Wednesday, May 11, 2011

The Argentines, the Portuguese and the Greeks (1923)

The Library of Congress has just unveiled the National Jukebox project, a streaming of its collection of historical recordings (thanks to Kirby Bell for flagging this). Naturally, my first search was for Greek music, and I discovered "The Argentine, the Portuguese and the Greeks," a 1920s song that expresses native anxieties about this particular ethnic immigrants (and the Armenians, too). The song seems to have been first recorded in 1920 by Nora Bayes (here), then in 1922 by Edward Meeker (here, w/lyrics), and finally by the Duncan Sisters in 1923, which is the version streamlined by the Library of Congress (here).

Rosetta and Vivian Duncan were a vaudeville duo from California. They began their careers as children performers and made their name in the racially charged Topsy and Eva routines. "The Argentines, the Portuguese and the Greeks" contains a mixed message of fear, envy and respect. It's perhaps the earliest example of Greek immigrants making it into American musical history. There are a few variations between the Bayes and Meeker versions, but I have transcribed the lyrics of the Duncan version. Take a listen.

Columbus discovered America in 1492
Then came the English and the French
The Scotchmen and the Jews
Then came the Dutch and the Irishmen
To help this country grow
And still they keep on coming
And now everywhere you go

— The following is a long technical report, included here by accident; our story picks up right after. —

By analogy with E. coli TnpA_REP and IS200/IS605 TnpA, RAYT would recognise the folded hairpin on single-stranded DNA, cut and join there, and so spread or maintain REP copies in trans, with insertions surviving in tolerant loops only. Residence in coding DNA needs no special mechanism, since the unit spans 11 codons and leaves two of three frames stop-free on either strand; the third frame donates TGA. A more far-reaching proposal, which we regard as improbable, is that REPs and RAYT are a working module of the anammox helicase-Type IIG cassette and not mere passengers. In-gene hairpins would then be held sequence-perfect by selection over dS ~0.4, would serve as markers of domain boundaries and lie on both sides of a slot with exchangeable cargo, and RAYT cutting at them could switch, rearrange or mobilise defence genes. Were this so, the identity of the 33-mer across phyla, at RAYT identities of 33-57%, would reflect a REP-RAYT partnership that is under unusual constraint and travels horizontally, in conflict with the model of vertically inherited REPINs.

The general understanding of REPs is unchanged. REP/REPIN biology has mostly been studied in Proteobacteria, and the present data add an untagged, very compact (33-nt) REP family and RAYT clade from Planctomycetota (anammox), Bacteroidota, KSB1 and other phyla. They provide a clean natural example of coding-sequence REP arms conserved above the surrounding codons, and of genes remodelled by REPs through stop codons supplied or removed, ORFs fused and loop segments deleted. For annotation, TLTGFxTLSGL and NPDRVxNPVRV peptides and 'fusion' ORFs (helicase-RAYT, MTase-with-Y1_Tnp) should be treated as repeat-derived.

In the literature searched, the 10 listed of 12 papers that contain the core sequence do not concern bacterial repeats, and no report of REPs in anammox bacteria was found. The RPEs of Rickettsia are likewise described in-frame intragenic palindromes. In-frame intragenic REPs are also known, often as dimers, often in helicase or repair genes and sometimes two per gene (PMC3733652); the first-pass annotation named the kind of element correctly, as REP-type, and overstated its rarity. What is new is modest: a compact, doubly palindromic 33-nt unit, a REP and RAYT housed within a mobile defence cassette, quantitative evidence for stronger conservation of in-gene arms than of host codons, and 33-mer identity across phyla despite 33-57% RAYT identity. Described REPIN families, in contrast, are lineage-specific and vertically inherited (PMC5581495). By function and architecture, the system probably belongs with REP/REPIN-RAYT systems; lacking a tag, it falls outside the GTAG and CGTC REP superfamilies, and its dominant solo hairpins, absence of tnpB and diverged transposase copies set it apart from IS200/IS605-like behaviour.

There's the Argentines
And the Portuguese
The Armenians, and the Greeks
One sells the papers
The others shines the shoes
The other shaves the whiskers off your cheek.

When you ride again
On a subway train
Notice who has all the seats
Ah. They are all held by the Argentines
And the Portuguese
And the Greeks

Now there's a little flat
Where you hang your hat
Here’s a mystery I'll explain
The janitor is Irish,
The hall-boy is a goon
The elevator driver is a Dane
But who is the gent
That collects the rent
At the end of each four weeks
Ah. That is all done by the Argentines
And the Portuguese
And the Greeks

There's the Oldsmobile
And the Hupmobile
And the Cadillac and the Ford
Now these are the motors
That you and I can own
The kind that anybody can afford
But the Cunningham
And the Mercedes
And the Rolls-Royce Racing Prix
Ah. They are all owned by the Argentines
And the Portuguese
And the Greeks

Now there’s the Argentines
And the Portuguese
The Armenians, and the Greeks
They don't know the language
They don't know the law
Yet they vote in the country of the free
And the funny thing
When we start to sing
"My Country 'Tis of Thee"
None of us know the words
But the Argentines
And the Portuguese
And the Greeks

Now there’s the Argentines
And the Portuguese
The Armenians, and the Greeks
When we’re departed
Our souls above in heavenly peace
At the golden gate when the angels wait
We’ll be asking there for seats
And they’ll all be reserved by the Argentines
And the Portuguese And the Greeks

4 comments:

Anonymous said...

this is fun!
cheers KK, Bernard

Anonymous said...

great discovery !

Anonymous said...

My father used to sing this song. What fun to find all the words here.

Gabriel said...

Can't believe I found this. I'm Argentine... :-)

I'm linking to this post in my blog tomorrow.

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Kostis Kourelis

Philadelphia, PA, United States